Fran Crippen: April 17th 1984 – October 23th 2010
Fran Crippen: April 17th 1984 – October 23th 2010Courtesy of WOWSA, Huntington Beach, California.
A gentlemen. A hero. An inspiration. Fran Crippen left behind a lasting legacy. Not only as a world-class swimmer, but as someone you would be proud to have as a son, brother, teammate, neighbor and friend.
Fran was always there for both his very close-knit family and for competitors he lined up against. He always left an ear and hand to friends, both locally and those around the world. Fran always made time for his teammates and he always had something to offer for fans and younger swimmers.
On the sixth-year anniversary of Fran’s tragic death in Dubai at a FINA 10K Marathon Swimming World Cup race organized by Ayman Saad, we deeply bow our heads in respect and in heartfelt awe of Fran’s life and legacy and of the survivors he left behind. It is for very good reason that the Crippen Family is rightly called the First Family of Swimming in the United States.
Reflecting upon what Fran had been lobbying before his death for FINA-sanctioned races, we recall that FINA decision-makers have always pointed out that they must consult with experts in the field first to determine safety standards. From FINA’s perspective, experts are medical professionals and researchers.
In contrast, we strongly believe the true experts in the world of marathon swimming are the swimmers themselves and the coaches who escort their swimmers not only at competitions, but who also paddle for, kayak alongside, and walk along the shore with their athletes in training. In our opinion, FINA and other governing bodies around the world should listen and learn – first and foremost – from these experts, the athletes and their coaches. It is what Fran always wanted and pushed for – and what is right.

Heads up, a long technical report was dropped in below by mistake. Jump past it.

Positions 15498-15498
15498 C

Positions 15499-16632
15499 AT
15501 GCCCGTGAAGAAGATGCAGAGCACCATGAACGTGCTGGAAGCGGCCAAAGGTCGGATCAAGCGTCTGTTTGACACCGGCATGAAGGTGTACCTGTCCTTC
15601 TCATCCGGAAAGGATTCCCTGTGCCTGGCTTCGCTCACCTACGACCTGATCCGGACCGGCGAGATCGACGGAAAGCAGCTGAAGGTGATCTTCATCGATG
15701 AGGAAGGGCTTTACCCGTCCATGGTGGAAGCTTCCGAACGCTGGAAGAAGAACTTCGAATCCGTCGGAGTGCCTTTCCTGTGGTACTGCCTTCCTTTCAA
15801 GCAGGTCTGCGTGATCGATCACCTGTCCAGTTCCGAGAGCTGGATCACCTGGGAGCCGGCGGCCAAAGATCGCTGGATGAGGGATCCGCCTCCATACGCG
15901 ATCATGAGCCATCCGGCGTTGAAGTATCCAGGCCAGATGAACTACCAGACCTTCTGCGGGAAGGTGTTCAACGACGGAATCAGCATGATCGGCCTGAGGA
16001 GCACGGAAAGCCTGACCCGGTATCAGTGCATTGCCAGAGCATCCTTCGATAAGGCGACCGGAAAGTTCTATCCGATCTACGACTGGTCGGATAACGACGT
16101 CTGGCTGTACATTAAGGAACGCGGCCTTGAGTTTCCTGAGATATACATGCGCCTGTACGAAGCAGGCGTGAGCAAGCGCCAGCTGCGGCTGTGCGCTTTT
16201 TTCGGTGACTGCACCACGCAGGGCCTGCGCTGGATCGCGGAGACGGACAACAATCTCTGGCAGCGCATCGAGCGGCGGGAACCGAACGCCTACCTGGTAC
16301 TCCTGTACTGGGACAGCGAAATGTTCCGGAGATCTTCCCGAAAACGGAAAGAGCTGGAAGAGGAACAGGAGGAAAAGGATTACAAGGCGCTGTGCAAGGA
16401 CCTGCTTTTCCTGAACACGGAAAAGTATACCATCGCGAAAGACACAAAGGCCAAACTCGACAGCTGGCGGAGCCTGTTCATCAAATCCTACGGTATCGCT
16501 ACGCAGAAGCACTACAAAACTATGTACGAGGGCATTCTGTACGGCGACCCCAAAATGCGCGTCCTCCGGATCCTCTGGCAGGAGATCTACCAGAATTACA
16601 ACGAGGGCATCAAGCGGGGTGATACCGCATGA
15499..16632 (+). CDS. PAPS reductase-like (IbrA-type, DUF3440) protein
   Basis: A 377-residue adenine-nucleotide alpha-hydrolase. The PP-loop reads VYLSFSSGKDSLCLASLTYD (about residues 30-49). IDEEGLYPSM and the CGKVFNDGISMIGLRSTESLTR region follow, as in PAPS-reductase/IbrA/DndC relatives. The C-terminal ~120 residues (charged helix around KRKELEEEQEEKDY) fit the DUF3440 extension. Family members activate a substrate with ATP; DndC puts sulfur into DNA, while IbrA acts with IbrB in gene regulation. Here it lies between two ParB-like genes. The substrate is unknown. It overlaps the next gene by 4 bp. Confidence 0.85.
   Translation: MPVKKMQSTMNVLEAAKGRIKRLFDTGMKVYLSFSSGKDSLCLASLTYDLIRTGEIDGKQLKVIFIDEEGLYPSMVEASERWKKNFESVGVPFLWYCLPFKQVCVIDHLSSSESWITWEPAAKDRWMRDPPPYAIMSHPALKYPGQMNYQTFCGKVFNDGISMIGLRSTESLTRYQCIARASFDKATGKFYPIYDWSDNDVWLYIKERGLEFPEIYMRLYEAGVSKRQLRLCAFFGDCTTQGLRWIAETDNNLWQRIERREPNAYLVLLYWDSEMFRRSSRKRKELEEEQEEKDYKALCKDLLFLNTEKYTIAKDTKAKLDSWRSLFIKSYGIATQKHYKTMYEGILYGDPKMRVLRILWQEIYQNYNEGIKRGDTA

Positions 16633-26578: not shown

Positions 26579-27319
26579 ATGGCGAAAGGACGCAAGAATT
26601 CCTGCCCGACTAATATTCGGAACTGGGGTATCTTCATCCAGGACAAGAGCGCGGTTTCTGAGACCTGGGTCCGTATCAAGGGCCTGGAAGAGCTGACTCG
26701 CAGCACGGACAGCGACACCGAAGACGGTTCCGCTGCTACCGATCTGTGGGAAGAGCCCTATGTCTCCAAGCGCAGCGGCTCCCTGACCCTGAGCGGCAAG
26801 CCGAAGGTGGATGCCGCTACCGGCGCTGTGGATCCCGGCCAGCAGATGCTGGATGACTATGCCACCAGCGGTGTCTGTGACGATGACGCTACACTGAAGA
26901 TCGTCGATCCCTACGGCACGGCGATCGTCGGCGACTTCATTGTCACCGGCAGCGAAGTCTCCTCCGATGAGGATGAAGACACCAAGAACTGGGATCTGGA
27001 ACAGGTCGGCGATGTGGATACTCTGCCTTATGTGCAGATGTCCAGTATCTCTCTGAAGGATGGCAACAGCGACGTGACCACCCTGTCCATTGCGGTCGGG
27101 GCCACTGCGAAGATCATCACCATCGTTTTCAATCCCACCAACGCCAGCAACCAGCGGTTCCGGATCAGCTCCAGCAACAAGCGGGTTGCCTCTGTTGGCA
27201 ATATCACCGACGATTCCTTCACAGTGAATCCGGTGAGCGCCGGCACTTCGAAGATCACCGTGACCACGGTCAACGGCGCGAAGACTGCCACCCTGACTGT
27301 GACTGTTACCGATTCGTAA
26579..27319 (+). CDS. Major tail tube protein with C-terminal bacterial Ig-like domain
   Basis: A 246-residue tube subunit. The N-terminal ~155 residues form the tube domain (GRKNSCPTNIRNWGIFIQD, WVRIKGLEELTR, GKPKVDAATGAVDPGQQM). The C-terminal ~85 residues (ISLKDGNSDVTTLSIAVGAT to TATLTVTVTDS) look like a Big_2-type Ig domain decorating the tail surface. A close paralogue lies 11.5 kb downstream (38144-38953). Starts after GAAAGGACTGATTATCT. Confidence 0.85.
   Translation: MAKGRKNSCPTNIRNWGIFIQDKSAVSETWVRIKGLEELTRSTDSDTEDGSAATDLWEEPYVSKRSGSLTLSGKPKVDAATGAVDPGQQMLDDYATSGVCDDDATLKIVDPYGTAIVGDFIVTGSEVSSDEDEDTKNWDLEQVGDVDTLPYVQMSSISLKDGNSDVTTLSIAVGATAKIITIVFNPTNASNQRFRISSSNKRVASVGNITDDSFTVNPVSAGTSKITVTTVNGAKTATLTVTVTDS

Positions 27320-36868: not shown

Even without medical educations or research experience, it is the athletes who willingly compete in a sport that has inherent risks. Their bodies are THE most practical laboratories for real-world testing; FINA or any governing body should not only conduct testing and research in far-off, undisclosed, indoor research facilities. The athletes know first-hand what their bodies feel like and what their bodies can safely withstand under extreme conditions. There are at least 250 athletes every year who compete in professional marathon swims on the FINA 10K Marathon Swimming World Cup circuit and the FINA Open Water Swimming Grand Prix series. There are another few hundreds of athletes worldwide who do at least two marathon swims every year. These experienced athletes – swimmers who have done dozens and dozens of swims around the world in myriad conditions – are the real experts. Their collective wisdom and body of cumulative knowledge are second to none when it comes to understanding how the human body can and does react while marathon swimming in a variety of conditions, varying from cloudy to cloudless, from tranquil to turbulent, from cold to warm, from humid to brisk, from sea-level to high-altitude, from daytime to nighttime.
In contrast, it is unlikely for medical professionals and researchers to know well – or even indirectly – the physiological stresses that marathon swimmers go through under extreme conditions unless they are an open water swimmer or coaches themselves. What happens to a marathon swimmer in distress – and the venues where those accidents and incidents happen – requires a profound understanding of the sport and what can occur in emergency situations.
To know first-hand as an athlete or to see first-hand how athletes handle a wide variety of extreme conditions after hours and hours in the open water should be a requirement to be considered an expert by FINA and other governing bodies.
While certain physiological conditions can be replicated, implied, assumed and tested in laboratory conditions or relative to comparable tests with land-based athletes, the actual physiological conditions that marathon swimmers face under inhospitable conditions are extraordinarily variable. Every marathon swimmer knows this, either as a result of intensive training or swimming in a grueling competition.
Open water swimmers and triathletes continue to tragically pass away each year in the open water. Fran was not the only individual who tragically passed away. But Fran, to his credit and as everyone knew, not only lobbied for increased safety for himself, but also for all others. Fran was always unselfishly striving to make those around him and the sport better. That is what Fran asked for before his death.
He is looking down on us to see what we are doing with his simple, wise and reasonable request. May he rest in peace and may we have the strength to implement his vision for the sport.
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